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Carthage Festival inscription

Carthage Festival inscription
Height15 cm
Width16 cm
Createdc. 300 BC
Tunis, Tunisia
Present locationTurin, Piedmont, Italy

The Carthage Festival inscription or Carthage Festival Offering inscription (KAI 76; also known as CIS I 166; NE 430:3;[1] KI 67;[2] or NSI 44[3]) is an inscription from Carthage in the Punic language that probably describes the liturgy of a festival of, at least, five days. It is dated to the fourth or third century BCE.[4]

The inscription was found in 1872, in or near Carthage. It soon got lost, though its text had been recorded by means of squeeze papers. In 2004, the stele was found again in a depot of the Museo di Antichità di Torino (Turin Archaeology Museum), Italy. The text is carefully engraved in regular Punic letters in two columns on a white marble stele, and measures 16 by 15 cm.[4]


The Carthage Festival inscription on the right, in the Archaeological Museum of Turin. On the left is the Persephone Punic stele.

As the labels "On the fourth day" and "On the fifth day" (lines B.1,7) indicate, the text describes a ritual or procedure that would take several days. The parts of the inscription describing the procedure in the first two or three days are no longer extant. Because of the repeated use of words like "sacred", «BLL» and «QDMT» (both are specific kinds of offerings), "frankincense", et cetera, the text is usually interpreted as describing a religious practice, a festival of at least five days, possibly a spring festival («QDMT», animal 'first-fruits', are mentioned twice). It would make sense if such a stele was placed in a temple.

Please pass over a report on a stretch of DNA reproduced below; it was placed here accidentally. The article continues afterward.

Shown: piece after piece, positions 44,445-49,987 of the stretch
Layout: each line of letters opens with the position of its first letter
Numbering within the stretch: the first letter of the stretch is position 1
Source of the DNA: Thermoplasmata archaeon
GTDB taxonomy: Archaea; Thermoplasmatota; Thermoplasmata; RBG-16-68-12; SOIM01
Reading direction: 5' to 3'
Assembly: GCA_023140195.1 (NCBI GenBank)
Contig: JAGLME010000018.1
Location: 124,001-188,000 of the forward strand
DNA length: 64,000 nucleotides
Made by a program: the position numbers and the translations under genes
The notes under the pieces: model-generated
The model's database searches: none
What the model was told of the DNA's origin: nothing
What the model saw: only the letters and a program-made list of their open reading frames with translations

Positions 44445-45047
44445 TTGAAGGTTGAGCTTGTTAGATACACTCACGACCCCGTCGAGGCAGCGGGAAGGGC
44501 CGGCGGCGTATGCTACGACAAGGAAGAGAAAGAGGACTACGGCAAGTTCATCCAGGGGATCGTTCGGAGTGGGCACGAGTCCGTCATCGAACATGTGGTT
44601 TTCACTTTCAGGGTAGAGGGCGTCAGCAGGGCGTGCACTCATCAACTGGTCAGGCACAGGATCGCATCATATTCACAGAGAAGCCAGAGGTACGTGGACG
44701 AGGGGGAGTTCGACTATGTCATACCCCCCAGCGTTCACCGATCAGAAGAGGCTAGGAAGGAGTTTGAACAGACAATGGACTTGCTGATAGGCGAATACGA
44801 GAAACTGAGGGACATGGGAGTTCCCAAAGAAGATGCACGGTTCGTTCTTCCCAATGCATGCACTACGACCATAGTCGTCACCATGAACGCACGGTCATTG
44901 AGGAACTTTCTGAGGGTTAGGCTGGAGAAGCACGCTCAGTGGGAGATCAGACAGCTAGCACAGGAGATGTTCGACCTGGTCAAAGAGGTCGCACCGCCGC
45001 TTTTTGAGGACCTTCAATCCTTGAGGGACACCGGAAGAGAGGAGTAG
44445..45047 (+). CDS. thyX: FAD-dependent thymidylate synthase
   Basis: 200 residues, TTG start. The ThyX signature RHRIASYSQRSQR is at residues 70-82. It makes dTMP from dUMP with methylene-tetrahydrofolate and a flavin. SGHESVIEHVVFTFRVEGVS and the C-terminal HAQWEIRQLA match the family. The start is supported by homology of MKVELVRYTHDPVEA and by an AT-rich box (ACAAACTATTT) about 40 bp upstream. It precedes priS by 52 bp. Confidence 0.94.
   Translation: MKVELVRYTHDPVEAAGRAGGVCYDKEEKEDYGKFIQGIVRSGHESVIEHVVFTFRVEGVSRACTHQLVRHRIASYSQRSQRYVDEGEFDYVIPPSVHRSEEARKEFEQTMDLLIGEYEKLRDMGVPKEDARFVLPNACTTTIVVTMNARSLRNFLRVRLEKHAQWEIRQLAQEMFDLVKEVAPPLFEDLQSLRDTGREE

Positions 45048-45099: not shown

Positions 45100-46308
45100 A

As an alternative reading Charles R. Krahmalkov has interpreted the text as "a medical procedure of five days duration".[5] However, his translations in this sense are both incomplete (Krahmalkov does not translate the ill-fitting line B.9, apparently speaking of "200 boys"—a procession?), and they seem prejudiced: for example, the neutral word LḤM, "joiner", in lines B.3,4 he interprets as a "suture, a closure of a wound",[6] and the enigmatic word ḤDRT (line B.8), usually meaning the Netherworld and here possibly referring to a sacred temple Chamber, is interpreted as "a swollen area, swelling of the skin".[7] In addition, though one could expect a medical treatise to be written in a book, it seems improbable to inscribe it in extenso on a stele (unless of course the stele were placed in a hospital where patients were regularly treated in this way, but that seems very improbable).

Text of the inscription

The inscription reads:[2][8][9]

(line A.1) [... ...]L(?) [The third day:(?)] (...)
(A.2) [... ... BL]L(?) ... flat-bread(?) (a food offering)
(A.3) [... ...] QDMT ... 'first-fruits' (an animal offered as a sacrifice)
(A.4) [....]TD LSWYT ‘LT ... for the dressing (garment) upon
(A.5) [... Z]T ’Š KN Y’ WMḤ ... oli]ves(?) that are fair and fat/juicy
(A.6-7) [....] BBWṢ WMKS’ TḤ/[T] ... in fine linen ('byssus cloth') and a covering bel[ow?)